Direct Vs Indirect Cash Flow: Do You Know the Difference?

Direct vs Indirect cash flow

The money that comes into your business and the money that goes out is called cash flow. Understanding cash flow is essential to managing your finances and protecting your business. There are two methods of cash flow: direct and indirect. 

Direct cash flow includes revenue, expenditures, or other payments made in the normal course of doing business. Indirect cash flow is any expense that relates to a cost incurred in the past or which could be incurred in the future. Direct expenses include things like payroll costs and rent, while indirect expenses could include equipment-related costs such as insurance or depreciation, as well as sales which are still in accounts receivable. Chances are, if you are in business you use both direct and indirect cash flow to report your net income and help you make decisions about your business. 

In this article, you’ll find the answers to the following questions: 

1. What is direct cash flow?

2. What is indirect cash flow?

3. Why do you need both types of cash flow?

4. How to keep track of your direct and indirect cash flows

What is direct cash flow?

Direct cash flow is the money that flows directly into and out of your business. For example, if you’re a plumber with specific hours for appointments, it would be considered direct cash flow if you invoice someone for a service after completing it. This is because the money flowed directly into your account when you completed the job. Direct cash flow factors in cash payments and receipts and does not begin its calculations from a company’s net income. As a result it calculates only what has been received, for a certain period, after outgoings have been deducted, also known as the income statement method. A complexity of the direct cash flow method is that the FASB requires disclosure of the reconciliation of net income to the cash flow from operating activities, which would have been reported if the indirect method had been used to prepare the statement (Investopedia, 2020). 

What is indirect cash flow?

Indirect expenses include equipment-related costs such as insurance or depreciation. For example, the finance department may need to purchase new office furniture for an upcoming holiday party. The company will not incur this cost until December, but it needs to cover the expense now so that it can plan effectively and budget appropriately. Indirect cash flow takes the net income the company generated in a period and adds or subtracts any changes in assets and liabilities accounts resulting in an implied cash flow. As such, it is closely monitored by investors, creditors and other stakeholders. Accounting using the indirect cash flow method involves reporting income for the period it was earned, rather than when it was received. 

direct vs indirect

Why do you need both types of cash flow?

Both types of cash flow are important for different reasons. Direct cash flow is important because it represents the money that comes into your business and is used to operate day-to-day. Indirect cash flow, on the other hand, is important because it tells you about expenses that could be incurred in the future. For example, you’re renting an office space for $2,000 per month. You know that this expense will go away at some point in the future, but you don’t know when. Your indirect cash flow reflects this uncertainty in timing by showing as a long-term liability on your balance sheet.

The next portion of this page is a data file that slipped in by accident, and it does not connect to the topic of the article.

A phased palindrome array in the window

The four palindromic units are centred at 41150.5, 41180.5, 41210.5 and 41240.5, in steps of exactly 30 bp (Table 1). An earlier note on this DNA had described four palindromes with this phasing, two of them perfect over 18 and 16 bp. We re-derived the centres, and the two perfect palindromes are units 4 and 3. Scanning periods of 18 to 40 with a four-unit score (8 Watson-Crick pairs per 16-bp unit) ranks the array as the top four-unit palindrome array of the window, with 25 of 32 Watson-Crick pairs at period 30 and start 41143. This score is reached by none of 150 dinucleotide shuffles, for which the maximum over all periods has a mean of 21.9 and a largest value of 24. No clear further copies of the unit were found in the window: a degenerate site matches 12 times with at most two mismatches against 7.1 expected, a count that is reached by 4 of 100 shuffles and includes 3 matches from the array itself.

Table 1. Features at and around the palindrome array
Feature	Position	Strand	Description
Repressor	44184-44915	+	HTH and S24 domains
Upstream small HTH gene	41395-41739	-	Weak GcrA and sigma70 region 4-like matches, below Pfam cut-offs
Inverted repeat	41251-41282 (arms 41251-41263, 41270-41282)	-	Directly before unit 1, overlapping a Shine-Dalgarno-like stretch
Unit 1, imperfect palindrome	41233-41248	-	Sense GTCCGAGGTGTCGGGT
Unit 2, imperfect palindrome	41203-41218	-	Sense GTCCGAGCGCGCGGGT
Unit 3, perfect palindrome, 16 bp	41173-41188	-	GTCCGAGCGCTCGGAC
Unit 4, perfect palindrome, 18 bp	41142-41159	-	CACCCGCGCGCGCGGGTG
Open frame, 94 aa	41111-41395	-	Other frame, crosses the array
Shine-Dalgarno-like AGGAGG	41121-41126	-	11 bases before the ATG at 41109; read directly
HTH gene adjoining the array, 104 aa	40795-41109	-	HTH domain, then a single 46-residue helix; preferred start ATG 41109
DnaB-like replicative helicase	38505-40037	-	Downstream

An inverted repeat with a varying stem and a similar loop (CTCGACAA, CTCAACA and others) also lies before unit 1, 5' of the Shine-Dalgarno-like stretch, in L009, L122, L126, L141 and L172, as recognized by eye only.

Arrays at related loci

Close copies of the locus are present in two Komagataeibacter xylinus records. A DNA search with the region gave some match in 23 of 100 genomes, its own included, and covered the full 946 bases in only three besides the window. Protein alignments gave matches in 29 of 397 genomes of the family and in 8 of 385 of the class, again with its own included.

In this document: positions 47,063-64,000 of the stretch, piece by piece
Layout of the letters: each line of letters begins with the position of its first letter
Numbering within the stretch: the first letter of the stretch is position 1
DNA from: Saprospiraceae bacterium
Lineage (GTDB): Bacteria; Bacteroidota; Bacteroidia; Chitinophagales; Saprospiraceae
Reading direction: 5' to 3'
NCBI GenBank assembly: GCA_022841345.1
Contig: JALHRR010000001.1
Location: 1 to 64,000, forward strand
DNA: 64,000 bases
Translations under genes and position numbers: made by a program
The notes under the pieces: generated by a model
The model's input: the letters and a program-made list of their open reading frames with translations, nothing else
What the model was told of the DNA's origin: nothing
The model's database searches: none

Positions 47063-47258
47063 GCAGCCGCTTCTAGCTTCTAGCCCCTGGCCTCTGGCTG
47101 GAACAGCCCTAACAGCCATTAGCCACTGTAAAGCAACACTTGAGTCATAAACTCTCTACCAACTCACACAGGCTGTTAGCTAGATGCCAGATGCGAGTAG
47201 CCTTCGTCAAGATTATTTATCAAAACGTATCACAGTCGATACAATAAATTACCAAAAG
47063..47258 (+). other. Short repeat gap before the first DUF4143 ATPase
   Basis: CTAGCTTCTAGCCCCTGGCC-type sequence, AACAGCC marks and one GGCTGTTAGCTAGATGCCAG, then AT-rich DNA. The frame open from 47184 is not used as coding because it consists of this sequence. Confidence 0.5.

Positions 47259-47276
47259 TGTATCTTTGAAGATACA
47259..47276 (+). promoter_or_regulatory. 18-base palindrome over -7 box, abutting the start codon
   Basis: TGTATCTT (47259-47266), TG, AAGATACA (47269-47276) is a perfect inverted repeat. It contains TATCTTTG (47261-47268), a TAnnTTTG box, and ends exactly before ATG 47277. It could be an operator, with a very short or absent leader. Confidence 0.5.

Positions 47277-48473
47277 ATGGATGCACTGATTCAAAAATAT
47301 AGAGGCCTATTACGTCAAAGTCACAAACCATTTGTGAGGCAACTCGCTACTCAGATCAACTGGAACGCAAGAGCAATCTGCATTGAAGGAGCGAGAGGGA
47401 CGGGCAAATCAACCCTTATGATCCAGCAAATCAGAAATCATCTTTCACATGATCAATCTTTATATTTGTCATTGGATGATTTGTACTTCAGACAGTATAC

The value of both direct and indirect cash flow is that they allow you to gauge your company’s financial health and make decisions accordingly. The downside to these types of cash flow is that they can be misleading if not managed properly or calculated correctly.

How to keep track of your direct and indirect cash flows

When you’re trying to manage your finances, it can be difficult to keep track of direct and indirect expenses. A good way to do this is to use a cash flow statement. This will tell you what money came in and what money went out for the past month or year. Using software to help you manage your incoming and outgoing cash flow can assist you in managing your direct and indirect expenses and ensure your accounting is accurate. Synder is a software that can assist you with this, providing you with multiple reports within a few clicks! If you run an e-commerce business, Synder has the ability to synchronize your online sales platforms as well as so many other features. By utilizing an accounting software such as Synder, it takes the stress of maintaining accurate records, invoicing, receipts for expenses and other incoming and outgoing payments in your business and manages it all for you! 


When you’re trying to understand cash flow, it’s important to know the difference between direct and indirect cash flows. Direct cash flow is important because it helps you gauge how your product or service sales are going, reporting on cash payments and receipts across your business. Indirect cash flow is essential because it helps you pay your bills and cover your overhead, it involves asset and liability changes which are adjusted to the net income. Automated accounting software such as Synder helps you to work smarter, not harder. By automating otherwise tedious manual tasks, you free yourself up to focus on growing your business. And if you were paying someone else to do this aspect of bookkeeping for your business you will be saving money too! Synder gives you the ability to instantly analyze and generate various reports tailored to your business, including cash flow statements! 

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